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|Case Number:||ELC 1747 of 2007|
|Parties:||Jane Wanjiru Njoroge v Elizabeth Wairimu Mwarenge|
|Date Delivered:||18 Dec 2014|
|Court:||High Court at Nairobi (Milimani Law Courts)|
|Judge(s):||Onguto Joseph Louis Omondi|
|Citation:||Jane Wanjiru Njoroge v Elizabeth Wairimu Mwarenge  eKLR|
|Court Division:||Land and Environment|
|Case Outcome:||Application dismissed.|
|Disclaimer:||The information contained in the above segment is not part of the judicial opinion delivered by the Court. The metadata has been prepared by Kenya Law as a guide in understanding the subject of the judicial opinion. Kenya Law makes no warranties as to the comprehensiveness or accuracy of the information|
REPUBLIC OF KENYA
IN THE HIGH COURT OF KENYA AT NAIROBI
MILIMANI LAW COURTS
ENVIRONMENTAL & LAND DIVISION
ELC NO. 1747 OF 2007
JANE WANJIRU NJOROGE..................................................................PLAINTIFF
ELIZABETH WAIRIMU MWARENGE..................................................DEFENDANT
The application before me is dated 21st November, 2014. It seeks stay of execution of this Honourable Court’s decree issued on 28th September, 2012 as varied or corrected on 17th November, 2014. The decree was made in favour of the Plaintiff.
Briefly, the Plaintiff had claimed in her suit specific performance of a Sale Agreement and in particular an order directing or compelling the Defendant to transfer a portion of land known as L.R. No. 12410/41 to the Plaintiff. After trial, the court on 25th September, 2012 found in favour of the Plaintiff and entered judgment accordingly. The Defendant was to excise one acre from the suit land and transfer the same to the Plaintiff.
The Defendant did not do so. The Defendant was dissatisfied with the judgment and promptly filed a Notice of Appeal. The Defendant also applied for a transcript of the proceedings. With the Notice of Appeal filed, the court was pursuant to the provisions of Order 43 Rule 6(4) of the Civil Procedure Rules conferred with jurisdiction to hear the current motion of stay of execution pending appeal.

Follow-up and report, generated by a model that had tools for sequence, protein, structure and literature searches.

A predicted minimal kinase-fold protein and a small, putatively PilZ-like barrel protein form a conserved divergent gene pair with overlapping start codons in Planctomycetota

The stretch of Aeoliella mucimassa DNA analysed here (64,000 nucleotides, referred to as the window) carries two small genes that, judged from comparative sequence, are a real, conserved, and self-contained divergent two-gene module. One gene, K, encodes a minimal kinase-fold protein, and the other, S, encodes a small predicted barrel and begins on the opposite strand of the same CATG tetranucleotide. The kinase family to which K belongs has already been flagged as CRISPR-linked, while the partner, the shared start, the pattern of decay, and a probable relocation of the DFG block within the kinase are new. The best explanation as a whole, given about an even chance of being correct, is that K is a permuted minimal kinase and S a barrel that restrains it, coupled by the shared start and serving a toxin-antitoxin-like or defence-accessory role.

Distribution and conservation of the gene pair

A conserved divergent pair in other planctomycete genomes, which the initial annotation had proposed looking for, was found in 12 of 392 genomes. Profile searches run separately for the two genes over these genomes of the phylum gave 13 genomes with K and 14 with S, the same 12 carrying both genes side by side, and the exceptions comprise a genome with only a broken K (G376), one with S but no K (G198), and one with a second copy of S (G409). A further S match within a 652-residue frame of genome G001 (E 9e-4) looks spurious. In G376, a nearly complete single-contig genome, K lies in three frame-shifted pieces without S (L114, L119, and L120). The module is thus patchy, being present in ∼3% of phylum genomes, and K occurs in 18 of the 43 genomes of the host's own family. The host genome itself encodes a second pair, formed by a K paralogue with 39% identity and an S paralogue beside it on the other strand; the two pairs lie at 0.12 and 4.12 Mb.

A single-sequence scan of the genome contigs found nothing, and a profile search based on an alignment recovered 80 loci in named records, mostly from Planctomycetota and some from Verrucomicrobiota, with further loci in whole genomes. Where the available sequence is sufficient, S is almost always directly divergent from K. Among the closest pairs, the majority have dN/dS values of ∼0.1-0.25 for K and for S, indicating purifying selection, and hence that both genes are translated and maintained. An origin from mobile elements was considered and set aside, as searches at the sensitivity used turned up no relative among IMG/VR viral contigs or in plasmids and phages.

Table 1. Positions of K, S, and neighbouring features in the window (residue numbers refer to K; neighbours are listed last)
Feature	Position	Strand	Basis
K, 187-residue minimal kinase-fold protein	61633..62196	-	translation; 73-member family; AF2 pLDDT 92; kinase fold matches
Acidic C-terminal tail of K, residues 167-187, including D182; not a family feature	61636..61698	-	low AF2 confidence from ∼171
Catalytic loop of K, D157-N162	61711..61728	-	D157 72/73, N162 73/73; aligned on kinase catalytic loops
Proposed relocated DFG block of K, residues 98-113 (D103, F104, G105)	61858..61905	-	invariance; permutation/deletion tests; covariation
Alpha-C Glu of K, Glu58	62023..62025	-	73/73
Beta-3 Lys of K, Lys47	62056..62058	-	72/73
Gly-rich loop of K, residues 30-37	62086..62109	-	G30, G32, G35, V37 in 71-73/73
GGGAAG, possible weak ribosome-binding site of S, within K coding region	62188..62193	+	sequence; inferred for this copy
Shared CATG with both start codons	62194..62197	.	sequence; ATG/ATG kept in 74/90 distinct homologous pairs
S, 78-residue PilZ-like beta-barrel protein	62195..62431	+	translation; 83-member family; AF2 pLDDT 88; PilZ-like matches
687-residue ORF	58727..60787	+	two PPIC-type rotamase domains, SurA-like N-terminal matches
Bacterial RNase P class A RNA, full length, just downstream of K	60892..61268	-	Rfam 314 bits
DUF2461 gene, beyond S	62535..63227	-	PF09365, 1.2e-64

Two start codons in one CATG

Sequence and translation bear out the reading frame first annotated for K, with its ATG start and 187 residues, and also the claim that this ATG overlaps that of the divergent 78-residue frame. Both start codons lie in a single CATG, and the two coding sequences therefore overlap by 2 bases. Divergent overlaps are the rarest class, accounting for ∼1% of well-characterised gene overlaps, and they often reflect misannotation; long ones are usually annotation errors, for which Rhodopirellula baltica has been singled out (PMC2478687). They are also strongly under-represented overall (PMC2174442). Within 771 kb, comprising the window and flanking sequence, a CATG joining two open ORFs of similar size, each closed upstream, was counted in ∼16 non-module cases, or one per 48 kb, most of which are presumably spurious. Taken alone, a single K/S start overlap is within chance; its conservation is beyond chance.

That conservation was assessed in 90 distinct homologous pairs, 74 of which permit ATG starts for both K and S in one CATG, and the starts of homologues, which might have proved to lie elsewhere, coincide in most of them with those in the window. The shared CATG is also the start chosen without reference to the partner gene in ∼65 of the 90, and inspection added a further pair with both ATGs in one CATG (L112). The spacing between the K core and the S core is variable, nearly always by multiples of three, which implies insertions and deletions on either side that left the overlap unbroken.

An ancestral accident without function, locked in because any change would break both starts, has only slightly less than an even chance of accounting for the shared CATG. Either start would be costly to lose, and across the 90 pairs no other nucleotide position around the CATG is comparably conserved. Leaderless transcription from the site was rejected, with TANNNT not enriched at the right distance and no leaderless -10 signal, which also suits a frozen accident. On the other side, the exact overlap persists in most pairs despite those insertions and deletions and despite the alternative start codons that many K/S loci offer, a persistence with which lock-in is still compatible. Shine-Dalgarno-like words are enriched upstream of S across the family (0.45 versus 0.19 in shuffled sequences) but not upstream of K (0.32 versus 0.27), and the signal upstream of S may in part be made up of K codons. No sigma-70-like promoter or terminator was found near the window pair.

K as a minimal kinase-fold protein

The requirements for grant of stay of execution pending appeal are well settled and indeed outlined in Rule 6(2) of Order 42. The Rule reads as follows:
“6(2) No order for stay of execution shall be made under sub-rule (1) unless (a) the court is satisfied that substantial loss may result to the applicant unless the order is made and application has been made without unreasonable delay and (b) such security as the court orders for the performance of such decree or order as may ultimately be binding on him has been given the applicant”.
The court effectively needs to consider and be satisfied in only three matters. Has there been unreasonable delay in making the application? Does the applicant stand to suffer substantial loss? Thirdly, is the applicant ready to offer any security for the due performance of the decree ultimately? Those are the three questions, I need to answer in the current application.
Starting with the issue of delay, the application has been filed after a lapse of over two years. In the circumstances of this case, the same appears inordinate and unreasonable. The excuse advanced by the Defendant is that the decree was inoperable until it was corrected on 17th November, 2014 and for that matter the Defendant did not see any reason to move the court earlier. The Defendant in these respects was suggesting that if the decree had not been corrected by the court no application for stay of execution would have been filed. Secondly, the Defendant was also suggesting that until November this year the decree was simply unenforceable. I would certainly not agree. The decree even as previously drawn was unenforceable. It was a decree for specific performance. That was the substance and all the Plaintiff needed to do was to move the court for a vesting order under the Trustee Act (Cap 167) and the same would have been enforced. The Plaintiff however took the longer route of seeking to correct a rather obvious slip in the decree. I do not find the explanation by the Defendant for the two year delay tenable. I find that there was unreasonable delay in filing the application for stay of execution which directed this court’s discretion to grant the stay orders now sought.